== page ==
TB Risk In Maryland Causes Hospital to Evacuate

On Thursday, one of the world’s deadliest diseases — tuberculosis, or TB,– made a rare stateside reemergence. That afternoon, Johns Hopkins Hospital in Baltimore, Maryland reported a small dosage of the infectious germs was possibly released in the facilities during its transportation. The incident prompted the evacuation of many buildings initially. However now, officials say no one is at risk of contracting the disease.

WBAL reported the incident involved a small frozen sample in a vial of tuberculosis when it was dropped on the floor, causing its lid to fall off. The drop happened in the internal bridge connecting the hospital‘s Cancer Research Building 1 to the second research building. Even though the second building was a non-patient area, someone pulled the fire alarm and employees evacuated.

A Johns Hopkins spokesperson spoke saying the Fire and Rescue unit of Baltimore initiated hazmat protocols. For extreme caution, both research buildings evacuated. Public safety officials along with infectious disease experts have cleared the premises. There is no risk to anyone on the campus.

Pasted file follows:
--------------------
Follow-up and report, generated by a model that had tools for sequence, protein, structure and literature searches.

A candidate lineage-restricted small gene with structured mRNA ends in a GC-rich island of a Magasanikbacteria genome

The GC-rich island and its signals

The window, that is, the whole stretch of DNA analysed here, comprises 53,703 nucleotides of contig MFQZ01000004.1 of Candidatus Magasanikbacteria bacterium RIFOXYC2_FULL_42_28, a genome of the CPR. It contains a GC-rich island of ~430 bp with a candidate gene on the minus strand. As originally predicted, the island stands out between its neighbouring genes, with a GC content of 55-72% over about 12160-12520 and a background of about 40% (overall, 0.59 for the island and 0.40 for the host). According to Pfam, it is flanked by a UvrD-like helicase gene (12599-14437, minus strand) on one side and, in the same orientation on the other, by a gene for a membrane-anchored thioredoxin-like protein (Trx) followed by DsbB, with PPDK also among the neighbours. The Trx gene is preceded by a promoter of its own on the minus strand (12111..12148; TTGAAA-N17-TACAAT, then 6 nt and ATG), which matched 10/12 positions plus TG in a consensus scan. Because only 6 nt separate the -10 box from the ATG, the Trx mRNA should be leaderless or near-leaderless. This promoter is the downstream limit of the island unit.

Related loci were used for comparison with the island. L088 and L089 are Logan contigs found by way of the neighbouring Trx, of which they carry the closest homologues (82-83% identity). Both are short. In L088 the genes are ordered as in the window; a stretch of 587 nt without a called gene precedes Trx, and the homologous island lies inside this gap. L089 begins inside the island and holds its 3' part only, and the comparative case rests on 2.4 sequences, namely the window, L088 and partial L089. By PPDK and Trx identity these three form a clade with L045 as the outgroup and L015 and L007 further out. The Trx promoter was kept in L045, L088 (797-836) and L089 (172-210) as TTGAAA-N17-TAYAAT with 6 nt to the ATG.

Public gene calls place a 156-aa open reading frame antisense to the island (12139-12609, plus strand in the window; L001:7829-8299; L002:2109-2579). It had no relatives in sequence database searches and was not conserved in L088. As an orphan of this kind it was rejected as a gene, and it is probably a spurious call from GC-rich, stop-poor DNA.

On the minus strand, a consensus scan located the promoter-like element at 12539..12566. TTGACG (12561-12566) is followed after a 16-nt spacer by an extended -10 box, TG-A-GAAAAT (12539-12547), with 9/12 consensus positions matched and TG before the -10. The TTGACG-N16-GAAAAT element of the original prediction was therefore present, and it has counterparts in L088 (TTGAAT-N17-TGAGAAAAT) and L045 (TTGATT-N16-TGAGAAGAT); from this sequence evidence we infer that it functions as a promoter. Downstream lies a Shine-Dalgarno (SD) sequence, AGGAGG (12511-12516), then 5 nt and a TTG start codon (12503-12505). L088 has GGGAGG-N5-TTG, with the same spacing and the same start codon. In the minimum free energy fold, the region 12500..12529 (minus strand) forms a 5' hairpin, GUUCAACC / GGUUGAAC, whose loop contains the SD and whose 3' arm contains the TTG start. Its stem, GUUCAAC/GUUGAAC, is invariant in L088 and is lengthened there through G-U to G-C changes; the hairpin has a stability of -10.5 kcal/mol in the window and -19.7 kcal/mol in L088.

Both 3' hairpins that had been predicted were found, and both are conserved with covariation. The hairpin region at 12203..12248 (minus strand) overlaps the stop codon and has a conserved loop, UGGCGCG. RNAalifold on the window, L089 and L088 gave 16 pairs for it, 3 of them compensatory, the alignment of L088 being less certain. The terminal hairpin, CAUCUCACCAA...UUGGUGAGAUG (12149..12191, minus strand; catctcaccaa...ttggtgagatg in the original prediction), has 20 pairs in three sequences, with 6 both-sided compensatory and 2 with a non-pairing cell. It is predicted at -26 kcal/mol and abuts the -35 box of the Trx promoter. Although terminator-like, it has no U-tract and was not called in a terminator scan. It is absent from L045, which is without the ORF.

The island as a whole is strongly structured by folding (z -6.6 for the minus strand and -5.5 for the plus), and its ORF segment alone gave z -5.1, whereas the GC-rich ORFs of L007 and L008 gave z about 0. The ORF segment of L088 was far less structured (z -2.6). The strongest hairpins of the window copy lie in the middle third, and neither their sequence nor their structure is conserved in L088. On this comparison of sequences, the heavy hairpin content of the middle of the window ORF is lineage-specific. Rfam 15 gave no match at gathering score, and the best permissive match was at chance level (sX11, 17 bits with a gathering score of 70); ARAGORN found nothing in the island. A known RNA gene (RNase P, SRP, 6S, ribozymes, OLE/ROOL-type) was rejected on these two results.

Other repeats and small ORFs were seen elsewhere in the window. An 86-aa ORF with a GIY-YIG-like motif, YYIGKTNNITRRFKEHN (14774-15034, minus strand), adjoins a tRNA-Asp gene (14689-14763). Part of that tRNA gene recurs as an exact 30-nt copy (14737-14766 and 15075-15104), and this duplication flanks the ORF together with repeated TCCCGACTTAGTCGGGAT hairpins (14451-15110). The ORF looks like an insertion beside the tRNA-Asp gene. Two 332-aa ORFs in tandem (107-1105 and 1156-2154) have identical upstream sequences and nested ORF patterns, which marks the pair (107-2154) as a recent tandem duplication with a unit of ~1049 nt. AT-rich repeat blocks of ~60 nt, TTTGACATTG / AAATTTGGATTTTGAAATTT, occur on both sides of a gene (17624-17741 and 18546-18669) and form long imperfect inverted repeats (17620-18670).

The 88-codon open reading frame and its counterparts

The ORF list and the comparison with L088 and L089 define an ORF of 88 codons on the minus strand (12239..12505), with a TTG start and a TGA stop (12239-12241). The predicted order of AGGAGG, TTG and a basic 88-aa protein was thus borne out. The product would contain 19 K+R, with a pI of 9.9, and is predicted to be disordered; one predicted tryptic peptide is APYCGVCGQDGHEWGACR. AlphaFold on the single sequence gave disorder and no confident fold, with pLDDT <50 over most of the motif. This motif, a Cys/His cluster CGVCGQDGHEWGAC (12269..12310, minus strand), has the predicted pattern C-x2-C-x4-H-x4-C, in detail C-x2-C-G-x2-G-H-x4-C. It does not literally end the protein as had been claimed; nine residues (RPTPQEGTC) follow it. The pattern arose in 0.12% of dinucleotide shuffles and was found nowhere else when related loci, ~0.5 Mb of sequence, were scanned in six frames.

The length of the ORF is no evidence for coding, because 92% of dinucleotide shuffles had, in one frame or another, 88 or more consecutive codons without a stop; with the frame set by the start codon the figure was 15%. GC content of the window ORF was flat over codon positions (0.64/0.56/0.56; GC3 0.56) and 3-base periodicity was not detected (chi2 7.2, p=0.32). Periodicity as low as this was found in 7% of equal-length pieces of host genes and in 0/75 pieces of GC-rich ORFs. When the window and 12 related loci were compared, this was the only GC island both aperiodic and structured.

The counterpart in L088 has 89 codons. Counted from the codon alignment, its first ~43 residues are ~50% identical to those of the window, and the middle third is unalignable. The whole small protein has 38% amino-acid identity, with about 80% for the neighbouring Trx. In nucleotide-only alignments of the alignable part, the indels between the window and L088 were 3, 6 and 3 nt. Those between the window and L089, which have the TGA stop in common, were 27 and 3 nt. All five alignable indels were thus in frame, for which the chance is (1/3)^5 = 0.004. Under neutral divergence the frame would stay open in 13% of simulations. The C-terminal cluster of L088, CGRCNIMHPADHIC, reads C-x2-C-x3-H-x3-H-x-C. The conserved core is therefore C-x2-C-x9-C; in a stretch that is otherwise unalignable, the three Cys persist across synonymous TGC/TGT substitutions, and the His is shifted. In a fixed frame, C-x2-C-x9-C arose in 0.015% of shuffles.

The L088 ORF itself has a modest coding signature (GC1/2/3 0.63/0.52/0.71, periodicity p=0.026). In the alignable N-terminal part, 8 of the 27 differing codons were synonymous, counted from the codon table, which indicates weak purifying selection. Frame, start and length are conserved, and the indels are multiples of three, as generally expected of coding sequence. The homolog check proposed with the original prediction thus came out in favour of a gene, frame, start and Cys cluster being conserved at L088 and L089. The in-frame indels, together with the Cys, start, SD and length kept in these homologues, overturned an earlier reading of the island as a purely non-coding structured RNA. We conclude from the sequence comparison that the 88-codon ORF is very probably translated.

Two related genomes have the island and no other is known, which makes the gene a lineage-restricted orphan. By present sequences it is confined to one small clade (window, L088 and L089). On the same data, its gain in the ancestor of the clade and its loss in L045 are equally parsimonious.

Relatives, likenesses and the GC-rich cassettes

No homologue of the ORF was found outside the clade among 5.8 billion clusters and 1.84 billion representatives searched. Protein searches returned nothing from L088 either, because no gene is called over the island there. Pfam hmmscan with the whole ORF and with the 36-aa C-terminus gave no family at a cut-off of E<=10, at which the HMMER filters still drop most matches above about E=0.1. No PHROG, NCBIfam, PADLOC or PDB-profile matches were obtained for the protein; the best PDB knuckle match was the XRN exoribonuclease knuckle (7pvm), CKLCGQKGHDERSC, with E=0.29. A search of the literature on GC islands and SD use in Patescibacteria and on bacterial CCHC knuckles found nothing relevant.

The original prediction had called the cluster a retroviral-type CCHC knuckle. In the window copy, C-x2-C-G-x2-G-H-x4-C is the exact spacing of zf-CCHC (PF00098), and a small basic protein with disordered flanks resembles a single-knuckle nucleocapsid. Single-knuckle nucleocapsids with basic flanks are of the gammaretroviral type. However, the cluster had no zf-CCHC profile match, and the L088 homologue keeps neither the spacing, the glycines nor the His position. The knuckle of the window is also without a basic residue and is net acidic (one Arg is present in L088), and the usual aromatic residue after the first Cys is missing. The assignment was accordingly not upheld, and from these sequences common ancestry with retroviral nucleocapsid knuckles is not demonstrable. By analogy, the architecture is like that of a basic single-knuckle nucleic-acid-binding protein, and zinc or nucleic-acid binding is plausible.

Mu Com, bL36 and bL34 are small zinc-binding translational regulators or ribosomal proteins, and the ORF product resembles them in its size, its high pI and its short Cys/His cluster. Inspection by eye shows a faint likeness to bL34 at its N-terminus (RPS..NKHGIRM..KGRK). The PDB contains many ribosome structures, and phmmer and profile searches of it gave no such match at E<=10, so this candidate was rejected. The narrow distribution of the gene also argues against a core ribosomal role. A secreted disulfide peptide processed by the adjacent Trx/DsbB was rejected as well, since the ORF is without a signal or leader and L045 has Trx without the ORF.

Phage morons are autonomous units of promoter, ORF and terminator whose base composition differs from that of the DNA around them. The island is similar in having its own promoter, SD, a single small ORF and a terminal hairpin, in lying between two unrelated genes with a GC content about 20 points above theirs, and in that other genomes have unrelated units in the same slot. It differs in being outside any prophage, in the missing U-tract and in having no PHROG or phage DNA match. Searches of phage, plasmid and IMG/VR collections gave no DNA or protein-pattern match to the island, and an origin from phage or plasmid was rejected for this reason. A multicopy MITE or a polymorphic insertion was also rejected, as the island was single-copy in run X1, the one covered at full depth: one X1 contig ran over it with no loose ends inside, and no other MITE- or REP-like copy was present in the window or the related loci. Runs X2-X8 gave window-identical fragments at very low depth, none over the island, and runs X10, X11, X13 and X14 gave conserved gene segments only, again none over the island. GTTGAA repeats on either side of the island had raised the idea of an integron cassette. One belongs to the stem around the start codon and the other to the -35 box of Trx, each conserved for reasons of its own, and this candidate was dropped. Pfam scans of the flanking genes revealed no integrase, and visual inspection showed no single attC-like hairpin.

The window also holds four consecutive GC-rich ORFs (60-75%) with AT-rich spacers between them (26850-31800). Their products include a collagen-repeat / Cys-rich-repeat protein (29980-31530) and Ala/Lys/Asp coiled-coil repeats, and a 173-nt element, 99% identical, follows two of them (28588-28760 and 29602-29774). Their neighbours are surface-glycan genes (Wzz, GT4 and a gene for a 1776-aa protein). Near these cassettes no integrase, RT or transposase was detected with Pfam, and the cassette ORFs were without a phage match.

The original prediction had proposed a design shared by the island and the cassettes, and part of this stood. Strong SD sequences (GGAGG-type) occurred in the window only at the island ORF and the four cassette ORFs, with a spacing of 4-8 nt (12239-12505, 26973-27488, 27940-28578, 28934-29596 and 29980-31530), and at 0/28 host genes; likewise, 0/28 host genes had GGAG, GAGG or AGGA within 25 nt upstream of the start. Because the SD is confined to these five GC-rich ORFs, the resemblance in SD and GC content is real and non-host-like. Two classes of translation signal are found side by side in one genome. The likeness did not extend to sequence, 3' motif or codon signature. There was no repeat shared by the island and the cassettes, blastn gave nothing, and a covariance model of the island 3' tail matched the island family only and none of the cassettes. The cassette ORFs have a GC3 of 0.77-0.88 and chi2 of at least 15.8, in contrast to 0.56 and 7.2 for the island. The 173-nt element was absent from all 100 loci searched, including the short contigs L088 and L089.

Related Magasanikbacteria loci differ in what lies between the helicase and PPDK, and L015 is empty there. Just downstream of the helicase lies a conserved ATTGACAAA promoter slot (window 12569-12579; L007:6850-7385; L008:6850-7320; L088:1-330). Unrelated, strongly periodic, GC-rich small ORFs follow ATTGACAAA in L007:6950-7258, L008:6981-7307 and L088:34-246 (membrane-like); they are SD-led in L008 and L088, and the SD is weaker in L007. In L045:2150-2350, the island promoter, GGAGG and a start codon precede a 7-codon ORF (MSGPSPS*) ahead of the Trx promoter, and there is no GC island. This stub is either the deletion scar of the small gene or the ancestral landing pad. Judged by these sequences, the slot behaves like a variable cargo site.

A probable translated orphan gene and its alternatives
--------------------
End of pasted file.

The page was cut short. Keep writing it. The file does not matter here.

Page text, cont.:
What is TB (Tuberculosis) and Just How Dangerous Is It?

A bacteria called Mycobacterium is typically the cause of Tuberculosis. This disease is one of the deadliest and infectious worldwide. Ten million became infected during its tyranny, and at least 1.7 million have died from its effects in 2016 alone according to the CDC. The disease, however, has decreased in popularity over the years. In 2016, The states only reported 9,272 cases, the lowest toll recorded to that date.

The disease spreads through the air and usually attacks the lungs. It causes a hacking cough that lasts for weeks, pained chest, and the production of blood through coughing. Most often, it lies dormant in the body, unable of causing disease or being contagious. Even though those with latent TB never develop symptoms, the germ can later emerge through their life, typically with a weakened immune system. Due to its ability to pick on those with compromised immune systems, TB is even more dangerous and perhaps fatal for those who also have HIV.

Treating TB through a months-long course of antibiotics is possible. However, it’s hardiness, and poor management of medicines on the doctors’ behalf have enabled resistant strains to crop up. Nearly 20 percent of TB strains are multi-drug resistant, meaning they can rebuff the two frontline drugs used to treat the disease: rifampicin and isoniazid. Two percent are extensively drug-resistant which means they can resist almost every antibiotic available in modern use. Doctors say some strains are even entirely untreatable.

Thankfully, that’s nothing to worry about for this scenario at Johns Hopkins.